Here's How You Can Trick Yourself Into Actually Hitting The Gym After Work
You look at the clock as it ticks down to the hour: There's only 5 minutes to go until you escape from your job.
You realize how pumped you were to hit the gym in the morning, but now, like every day of the week, your energy has died down and you're in zombie mode.
All you want to is go home and relax.
I mean, Micromanager Mark has been at your back all morning, and your colleague Susan has been in a seriously negative mood all day, taking you through the detailed events of her recent breakup.
The last thing you want to right now is to work out, right? Wrong.
I'm here to tell you that you should go to your workout when you feel exhausted, and I want to share a few little tricks I use to beat that lazy mind of mine.
Most people will probably relate to the fact that it is actually easier to work out than to make the decision to get to the gym.
You've probably heard the saying, “The hardest part is just showing up.”
That's because people often want to avoid that feeling of discomfort and even the thought of moving away from their comfortable couches.
Human nature plays its role as well. Our subconscious mind tends to remind us how comfortable we are, and that feeling of discomfort is unbearable, especially during winter.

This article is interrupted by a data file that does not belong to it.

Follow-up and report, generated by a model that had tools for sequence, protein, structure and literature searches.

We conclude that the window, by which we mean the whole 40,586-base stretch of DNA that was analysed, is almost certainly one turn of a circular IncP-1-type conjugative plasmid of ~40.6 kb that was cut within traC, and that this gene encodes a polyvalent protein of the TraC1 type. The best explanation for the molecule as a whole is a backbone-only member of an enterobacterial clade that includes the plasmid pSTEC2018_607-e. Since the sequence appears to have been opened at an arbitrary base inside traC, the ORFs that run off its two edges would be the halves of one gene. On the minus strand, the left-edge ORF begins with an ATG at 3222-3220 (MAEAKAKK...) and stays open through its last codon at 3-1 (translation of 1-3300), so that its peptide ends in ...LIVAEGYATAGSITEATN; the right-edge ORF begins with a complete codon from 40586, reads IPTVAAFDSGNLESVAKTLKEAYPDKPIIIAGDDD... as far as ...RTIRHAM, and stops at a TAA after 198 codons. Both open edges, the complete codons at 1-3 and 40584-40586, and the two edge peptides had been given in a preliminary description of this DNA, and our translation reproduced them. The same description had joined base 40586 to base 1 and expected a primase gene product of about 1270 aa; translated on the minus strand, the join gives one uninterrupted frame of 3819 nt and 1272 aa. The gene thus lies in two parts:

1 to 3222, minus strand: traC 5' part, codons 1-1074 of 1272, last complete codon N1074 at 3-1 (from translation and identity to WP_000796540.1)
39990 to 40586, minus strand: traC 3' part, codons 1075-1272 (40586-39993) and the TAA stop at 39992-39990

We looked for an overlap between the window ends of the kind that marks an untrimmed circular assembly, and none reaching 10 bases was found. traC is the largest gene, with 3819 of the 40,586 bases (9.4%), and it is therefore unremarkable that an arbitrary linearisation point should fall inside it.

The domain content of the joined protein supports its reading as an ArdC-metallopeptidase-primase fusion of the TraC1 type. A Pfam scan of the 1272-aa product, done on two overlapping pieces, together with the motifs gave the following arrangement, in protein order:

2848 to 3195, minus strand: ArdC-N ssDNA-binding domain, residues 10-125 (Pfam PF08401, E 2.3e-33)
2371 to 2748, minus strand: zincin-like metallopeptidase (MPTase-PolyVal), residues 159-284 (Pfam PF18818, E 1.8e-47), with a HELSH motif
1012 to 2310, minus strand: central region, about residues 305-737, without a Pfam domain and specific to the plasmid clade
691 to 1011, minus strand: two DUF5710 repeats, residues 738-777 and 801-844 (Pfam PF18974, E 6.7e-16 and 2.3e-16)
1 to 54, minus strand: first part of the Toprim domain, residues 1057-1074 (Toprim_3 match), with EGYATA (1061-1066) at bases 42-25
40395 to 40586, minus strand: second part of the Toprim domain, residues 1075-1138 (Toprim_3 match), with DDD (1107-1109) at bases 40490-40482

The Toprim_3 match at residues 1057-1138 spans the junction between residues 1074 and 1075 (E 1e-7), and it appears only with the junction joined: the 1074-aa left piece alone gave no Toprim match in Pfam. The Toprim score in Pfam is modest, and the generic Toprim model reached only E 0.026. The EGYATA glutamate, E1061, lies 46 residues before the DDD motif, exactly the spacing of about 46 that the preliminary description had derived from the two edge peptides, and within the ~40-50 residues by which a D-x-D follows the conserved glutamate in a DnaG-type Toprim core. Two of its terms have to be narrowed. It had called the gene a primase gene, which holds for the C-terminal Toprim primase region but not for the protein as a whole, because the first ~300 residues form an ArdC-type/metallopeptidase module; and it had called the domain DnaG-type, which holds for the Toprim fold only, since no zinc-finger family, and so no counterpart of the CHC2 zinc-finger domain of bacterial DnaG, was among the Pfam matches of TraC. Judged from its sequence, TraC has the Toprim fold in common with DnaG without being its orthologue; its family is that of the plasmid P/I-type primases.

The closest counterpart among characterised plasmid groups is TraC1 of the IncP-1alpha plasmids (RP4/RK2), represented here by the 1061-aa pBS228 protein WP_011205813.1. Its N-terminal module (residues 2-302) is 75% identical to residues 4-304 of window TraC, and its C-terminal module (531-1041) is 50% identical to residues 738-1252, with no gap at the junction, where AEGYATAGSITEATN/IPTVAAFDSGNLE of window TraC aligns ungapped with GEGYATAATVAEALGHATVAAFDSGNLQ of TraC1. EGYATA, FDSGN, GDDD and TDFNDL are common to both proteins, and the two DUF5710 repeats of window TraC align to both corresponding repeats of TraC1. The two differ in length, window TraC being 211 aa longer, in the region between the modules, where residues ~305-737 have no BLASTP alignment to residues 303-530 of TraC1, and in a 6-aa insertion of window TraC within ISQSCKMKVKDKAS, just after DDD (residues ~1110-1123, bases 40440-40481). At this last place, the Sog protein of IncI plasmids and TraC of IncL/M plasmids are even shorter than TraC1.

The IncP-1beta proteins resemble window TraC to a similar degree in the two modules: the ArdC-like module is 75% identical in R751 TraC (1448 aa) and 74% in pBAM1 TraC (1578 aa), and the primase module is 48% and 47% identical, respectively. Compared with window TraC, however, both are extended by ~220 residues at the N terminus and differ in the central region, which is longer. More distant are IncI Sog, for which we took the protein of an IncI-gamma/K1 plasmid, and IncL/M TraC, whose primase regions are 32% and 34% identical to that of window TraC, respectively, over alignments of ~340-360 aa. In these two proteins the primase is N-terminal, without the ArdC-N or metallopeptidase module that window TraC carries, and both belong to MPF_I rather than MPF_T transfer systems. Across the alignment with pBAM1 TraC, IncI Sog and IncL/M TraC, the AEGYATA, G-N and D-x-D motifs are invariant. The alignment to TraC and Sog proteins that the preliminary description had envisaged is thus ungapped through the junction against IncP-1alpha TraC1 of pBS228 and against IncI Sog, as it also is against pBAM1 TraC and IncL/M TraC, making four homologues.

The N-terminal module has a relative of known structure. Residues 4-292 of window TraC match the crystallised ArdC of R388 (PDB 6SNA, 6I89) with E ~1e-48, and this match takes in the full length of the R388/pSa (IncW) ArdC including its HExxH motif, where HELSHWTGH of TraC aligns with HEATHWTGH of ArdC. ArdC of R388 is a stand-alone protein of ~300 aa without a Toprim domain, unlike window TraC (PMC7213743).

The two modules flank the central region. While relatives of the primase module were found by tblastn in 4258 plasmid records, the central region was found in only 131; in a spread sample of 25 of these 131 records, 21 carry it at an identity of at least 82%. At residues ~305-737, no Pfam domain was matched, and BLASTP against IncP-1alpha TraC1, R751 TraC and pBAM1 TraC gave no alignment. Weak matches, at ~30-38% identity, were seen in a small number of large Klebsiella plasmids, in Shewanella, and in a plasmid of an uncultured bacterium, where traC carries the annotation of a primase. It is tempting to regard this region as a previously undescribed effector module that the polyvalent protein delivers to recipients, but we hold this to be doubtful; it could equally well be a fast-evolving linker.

The clever tricks our subconscious plays on us results in our very own lame excuses we give for our lack of inability to get off the couch.
What can you do?
Getting out of your comfort zone
Everyone has their own solution to getting motivated, but the way I beat my subconscious mind is by getting familiar with feeling uncomfortable.
Because if you want to succeed, you need to get out of your “comfort zone.”
The more I get out of my comfort zone (aka go to the gym when it's cold or when I'm tired or lazy), the more it becomes second nature, and the abnormal feeling becomes natural.
Another key strategy I use to beat the subconscious mind is to “visualize.”
Visualization is significant in all areas of life, whether it's a relationship with family and friends, work, business or any other aspect.
So, when I feel like skipping a workout, I try to remember the fact that I feel much better after leaving the gym rather than when I am going to the gym.
And thanks to the help of those post-workout endorphins, I recall how energized and unstoppable I feel.
Next time you're feeling lazy, visualize yourself walking out of the gym, feeling refreshed and charged up.
You should also try to remember those feelings when you walk out of the gym after a workout. Hold on to that “aha” feeling of power and energy running through your veins.
Once your imagination is aligned with your feelings, your subconscious mind is yours, and you become in control of the situation.
This often helps me, and if this article has made you get off your lazy ass and go to the gym, then I've done my job.
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